8/6 Science in the News in the summer in a bar in Somerville

From Science by the Pint

Ling cancer cell, NIH

Monday, August 6th, 6:30-8:00pm at The Burren

(247 Elm St, Somerville, MA 02144) (directions)

Dr. Elma Zaganjor, Ph.D. and
Dr. Jessica Spinelli, Ph.D.

Postdoctoral Research Scientists
Dr. Marcia Haigis’s Lab, Harvard Medical School

Fuel for the Fire: How cancer cells alter their metabolism during tumor development

(247 Elm St, Somerville, MA 02144) (directions)
Events start promptly at 6:30 p.m.

Cancer cells require a continuous source of energy and cellular building blocks to support their rapid rate of growth. Metabolic reprogramming helps cancer cells gain a growth advantage by giving them the ability to consume a wide variety of available fuel sources, from dietary fuels such as fats, sugars and proteins to waste products generated by the cancer cells themselves. Drs. Elma Zaganjor and Jessica Spinelli, two scientists working in Dr. Marcia Haigis’s laboratory, are studying how this reprogramming drives tumor growth in the hope of both better understanding the processes underlying cancer development, as well as how we could potentially use this knowledge to develop new cancer treatments. Please join us for what promises to be an engaging evening with two outstanding speakers and lots of interesting discussion!

Also, on Wednesday, 8/8  science in the summer at the Broad. Be sure to register.

Midsummer Nights’ Science at the Broad Institute takes place at 415 Main Street, in Kendall Square in Cambridge. Each lecture runs from 6:30 – 7:30 pm and is immediately followed by a reception with light refreshments.

The Eliana Hechter Lecture: How do genes control our size and shape?
Joel Hirschhorn
People come in many shapes and sizes, and genes play a strong role in determining how short or tall we are, or whether we are lean or obese. Joel will discuss recent dramatic advances in genetics that have led to the discovery of hundreds or thousands of places in our genomes that influence height or obesity, what this tells us about the biology of human height and weight, and how these discoveries could lead to new treatments for obesity.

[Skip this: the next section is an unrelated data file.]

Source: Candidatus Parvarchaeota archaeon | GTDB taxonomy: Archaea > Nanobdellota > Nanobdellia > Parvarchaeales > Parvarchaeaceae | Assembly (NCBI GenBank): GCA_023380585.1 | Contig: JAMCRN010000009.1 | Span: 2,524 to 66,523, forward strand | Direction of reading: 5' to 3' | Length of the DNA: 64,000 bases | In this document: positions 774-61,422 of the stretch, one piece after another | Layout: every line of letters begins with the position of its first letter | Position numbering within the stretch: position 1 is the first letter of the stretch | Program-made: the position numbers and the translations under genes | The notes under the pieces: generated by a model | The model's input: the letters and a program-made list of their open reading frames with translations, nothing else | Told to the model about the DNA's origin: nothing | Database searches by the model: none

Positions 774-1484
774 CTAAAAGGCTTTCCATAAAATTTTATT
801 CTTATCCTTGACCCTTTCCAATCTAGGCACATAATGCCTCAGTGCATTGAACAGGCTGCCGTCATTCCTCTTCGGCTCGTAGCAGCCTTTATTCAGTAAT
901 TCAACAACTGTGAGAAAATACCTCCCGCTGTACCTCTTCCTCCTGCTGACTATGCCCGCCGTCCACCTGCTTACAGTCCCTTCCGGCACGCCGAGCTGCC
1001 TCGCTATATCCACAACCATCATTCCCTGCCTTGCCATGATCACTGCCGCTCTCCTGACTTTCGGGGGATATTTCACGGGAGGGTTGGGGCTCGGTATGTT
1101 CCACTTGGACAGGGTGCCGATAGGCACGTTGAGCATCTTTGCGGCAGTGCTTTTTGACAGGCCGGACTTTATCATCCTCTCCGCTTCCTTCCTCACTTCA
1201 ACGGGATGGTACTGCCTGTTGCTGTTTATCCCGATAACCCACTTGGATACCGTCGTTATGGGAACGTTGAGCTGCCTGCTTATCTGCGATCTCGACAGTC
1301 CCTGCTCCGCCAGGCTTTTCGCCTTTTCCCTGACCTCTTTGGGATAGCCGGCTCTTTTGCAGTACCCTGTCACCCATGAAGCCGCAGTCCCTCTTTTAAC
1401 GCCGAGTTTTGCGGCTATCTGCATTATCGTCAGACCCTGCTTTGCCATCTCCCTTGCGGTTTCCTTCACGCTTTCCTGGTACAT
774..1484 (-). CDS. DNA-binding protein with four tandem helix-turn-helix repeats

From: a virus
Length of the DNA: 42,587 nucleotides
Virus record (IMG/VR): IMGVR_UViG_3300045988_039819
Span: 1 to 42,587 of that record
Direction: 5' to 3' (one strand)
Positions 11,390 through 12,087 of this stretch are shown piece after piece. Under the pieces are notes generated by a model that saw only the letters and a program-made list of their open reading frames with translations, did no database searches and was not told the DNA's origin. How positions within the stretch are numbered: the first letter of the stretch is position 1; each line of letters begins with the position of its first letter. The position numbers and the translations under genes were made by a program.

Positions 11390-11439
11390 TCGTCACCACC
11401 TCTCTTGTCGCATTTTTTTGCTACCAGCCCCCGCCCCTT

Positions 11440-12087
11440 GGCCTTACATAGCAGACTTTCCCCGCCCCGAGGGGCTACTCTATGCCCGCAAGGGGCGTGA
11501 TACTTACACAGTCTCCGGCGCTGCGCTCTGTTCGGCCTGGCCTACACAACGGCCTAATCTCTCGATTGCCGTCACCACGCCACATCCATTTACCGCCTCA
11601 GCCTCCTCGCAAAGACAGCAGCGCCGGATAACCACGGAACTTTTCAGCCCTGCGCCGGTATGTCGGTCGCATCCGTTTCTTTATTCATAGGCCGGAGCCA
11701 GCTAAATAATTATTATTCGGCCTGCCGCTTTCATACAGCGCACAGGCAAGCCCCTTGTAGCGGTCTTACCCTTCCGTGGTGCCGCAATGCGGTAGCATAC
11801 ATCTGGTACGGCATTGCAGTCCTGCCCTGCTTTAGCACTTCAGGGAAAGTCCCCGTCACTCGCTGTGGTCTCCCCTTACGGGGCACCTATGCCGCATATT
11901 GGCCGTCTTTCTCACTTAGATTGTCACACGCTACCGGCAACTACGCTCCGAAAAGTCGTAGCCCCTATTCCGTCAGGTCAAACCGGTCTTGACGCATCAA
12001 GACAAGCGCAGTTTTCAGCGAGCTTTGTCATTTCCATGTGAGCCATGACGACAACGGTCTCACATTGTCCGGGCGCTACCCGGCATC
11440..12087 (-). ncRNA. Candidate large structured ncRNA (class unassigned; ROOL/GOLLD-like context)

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Tonight 11/20: Heart disease and inflammation explained to you, not in a lecture hall but in an Irish pub

From the Science by the Pint website. Full schedule below

Dr. Peter Libby
of Harvard Medical School

Fanning the Flames: New Links Between Inflammation and Heart Disease

Monday, November 20th, 6:30-8:30 at The Burren (247 Elm St, Somerville, MA 02144) (directions)

Half of all heart attacks occur in people with normal cholesterol levels. For decades, scientists and physicians have postulated that inflammation might be another critical, if not necessary, factor for driving heart disease. Dr. Peter Libby’s research group at Brigham and Women’s Hospital is dedicated to examining the link between inflammation and atherosclerosis, a condition which often precedes heart attack, and how we can use this knowledge to prevent heart disease. In the clinic, Dr. Libby and his colleagues, in association with Novartis, recently completed a landmark study (CANTOS) that showed that lowering inflammation independently of cholesterol can reduce the risk of heart attack, offering the first direct evidence that inflammation directly contributes to heart disease.

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Tonight! Meet the #STATnews team at The Burren pub in Somerville #science

Science in the News was started by Harvard students who wanted to help explain complex issues to the public. The group has expanded beyond that to events like:

Tonight! Science by the Pint with The STAT Team

The (sometimes messy) science of communicating sciencesbtp_spring2017_1pg

Monday, January 9, 6:30-8:30pm at The Burren (247 Elm Street, Somerville) (directions)

Are you interested in learning more about what the field of science journalism looks like from the inside? Panelists from the Boston-based publication STAT will discuss what led them to a career in health and science journalism, as well as the challenges and value of investigating and reporting in this field. Small group discussions will follow the panel, so you’ll have a chance to ask questions and bring up topics you want to discuss. Members of the panel will represent a broad range of careers within science journalism, including reporting, editing, social media, marketing, multimedia, and graphic design.

About STAT (from statnews.com): STAT is a new national publication focused on finding and telling compelling stories about health, medicine, and scientific discovery. We produce daily news, investigative articles, and narrative projects in addition to multimedia features. We tell our stories from the places that matter to our readers – research labs, hospitals, executive suites, and political campaigns.